There's nothing like steel for fencing that not only looks good, but will last for years with minimal maintenance. While traditional black was once the default choice for metal fences -- hearkening back to the days when wrought iron ruled the fencing market -- modern homeowners have countless options for colors, from basic black to much more dramatic hues. That means a bit of decision work when it comes to choosing a color that you will enjoy for years to come. Try these four strategies to help you find the perfect shade to suit your new metal fence.
Be a Good Neighbor
Anytime you put a fence on a shared property line, it's always a good idea to discuss your new fence with your neighbor first. He or she may offer to split the cost in some way if you're willing to compromise on color, which could make sense if your primary goal is to keep the peace. It's also a good idea to check local statutes, such as HOA rules or historic preservation standards, which may limit you to certain colors.
If you're choosing a fence primarily for privacy, security or to establish property lines, picking a color that blends in just might be your best bet. In most landscapes, green is the ideal option if you're trying to keep your fence from standing out too much, as green fencing will blend right into the grass or shrubbery. Of course, this doesn't mean you have to choose an unnatural shade of green; stick to a simple bronze-green, also known as "invisible green" for a natural-looking fence that does its job without making a style statement.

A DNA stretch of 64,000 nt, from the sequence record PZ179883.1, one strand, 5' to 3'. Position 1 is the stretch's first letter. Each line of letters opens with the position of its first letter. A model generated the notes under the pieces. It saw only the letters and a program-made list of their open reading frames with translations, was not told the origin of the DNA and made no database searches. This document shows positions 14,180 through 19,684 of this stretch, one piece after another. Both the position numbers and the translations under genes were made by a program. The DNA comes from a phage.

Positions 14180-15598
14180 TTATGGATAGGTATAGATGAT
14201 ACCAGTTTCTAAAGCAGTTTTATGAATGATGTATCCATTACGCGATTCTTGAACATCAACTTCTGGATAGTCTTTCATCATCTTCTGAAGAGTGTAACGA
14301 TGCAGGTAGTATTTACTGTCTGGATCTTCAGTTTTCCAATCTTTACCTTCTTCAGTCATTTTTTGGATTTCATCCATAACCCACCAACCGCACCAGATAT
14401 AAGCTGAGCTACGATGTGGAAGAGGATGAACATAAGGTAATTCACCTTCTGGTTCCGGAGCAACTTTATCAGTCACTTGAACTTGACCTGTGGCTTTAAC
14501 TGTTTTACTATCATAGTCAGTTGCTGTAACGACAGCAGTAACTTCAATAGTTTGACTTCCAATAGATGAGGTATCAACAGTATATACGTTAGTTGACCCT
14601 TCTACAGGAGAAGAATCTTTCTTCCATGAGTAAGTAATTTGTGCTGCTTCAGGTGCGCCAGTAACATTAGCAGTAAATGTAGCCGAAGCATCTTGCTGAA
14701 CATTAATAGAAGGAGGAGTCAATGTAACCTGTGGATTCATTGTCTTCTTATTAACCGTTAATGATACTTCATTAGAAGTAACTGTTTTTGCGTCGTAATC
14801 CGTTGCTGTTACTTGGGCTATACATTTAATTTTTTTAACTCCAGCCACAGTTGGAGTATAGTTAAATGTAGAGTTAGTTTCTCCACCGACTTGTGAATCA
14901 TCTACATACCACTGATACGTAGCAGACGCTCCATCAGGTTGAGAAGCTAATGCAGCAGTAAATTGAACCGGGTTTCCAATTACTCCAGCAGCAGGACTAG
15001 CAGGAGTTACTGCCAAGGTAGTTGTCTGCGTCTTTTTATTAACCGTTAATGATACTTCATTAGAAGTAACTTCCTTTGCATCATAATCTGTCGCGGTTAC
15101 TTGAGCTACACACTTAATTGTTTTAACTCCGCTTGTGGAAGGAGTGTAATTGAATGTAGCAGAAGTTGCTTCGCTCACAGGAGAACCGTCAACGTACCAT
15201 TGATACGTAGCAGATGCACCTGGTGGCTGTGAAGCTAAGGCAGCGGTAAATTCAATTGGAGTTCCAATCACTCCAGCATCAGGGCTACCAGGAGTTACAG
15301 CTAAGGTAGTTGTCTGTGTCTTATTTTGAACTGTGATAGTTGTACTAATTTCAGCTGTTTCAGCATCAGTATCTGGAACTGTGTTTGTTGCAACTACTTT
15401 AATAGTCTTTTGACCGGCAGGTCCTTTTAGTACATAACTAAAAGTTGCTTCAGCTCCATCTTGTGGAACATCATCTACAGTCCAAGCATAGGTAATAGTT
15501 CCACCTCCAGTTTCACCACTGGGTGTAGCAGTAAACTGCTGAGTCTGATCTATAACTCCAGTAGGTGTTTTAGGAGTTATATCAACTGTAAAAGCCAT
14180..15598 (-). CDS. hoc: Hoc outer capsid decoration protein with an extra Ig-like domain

Many steel fence manufacturers add color using powder coating or other mechanical techniques. This means that you can choose almost any color you want for your new fence, and the finish will last for a long time without a lot of maintenance. If you're looking to make a statement, or you want to draw attention to your fence, pick a color that pops. White is a solid choice for standing out without going overboard because of its clean, fresh finish. You can also pick a more non-traditional shade, like a bright blue, or some other color that transforms your fence from utilitarian to focal point.
Stick to Tradition
Of course, you can never go wrong with basic black; classic black makes modern steel look like traditional wrought iron, which works well with many different home styles and colors. Another option is to use a bronze finish, which looks similar to black from a distance, but often works more cohesively with materials like stone or brick due to its softer, more subtle shade. Keep in mind that old wrought iron fences weren't necessarily black, so if you have an older home, consider more historic shades. Before black wrought iron hit it big in the mid-20th century, iron fences were painted in rusty red, green, grey or a patinated copper finish. You may even be able to take a small paint chip from an old iron fence on your property to see what colors are layered underneath, then use these early colors for inspiration when buying a new fence.
For more information about fencing options, visit a fencing company like Watt Fencing.Share
20 August 2015
I've found that one of the perks of being a homeowner is the privacy that your own home provides. However, sometimes there can be a lack of privacy if you are in your yard and it is unfenced. When we bought our home, there was not a fence. One night, after the neighbors dog wandered through our barbecue one time too many, I decided that it was time to look up a fence contractor. We soon found a great price on a fence with a fantastic fence contractor. Now we can keep our privacy while still feeling open towards the neighbors.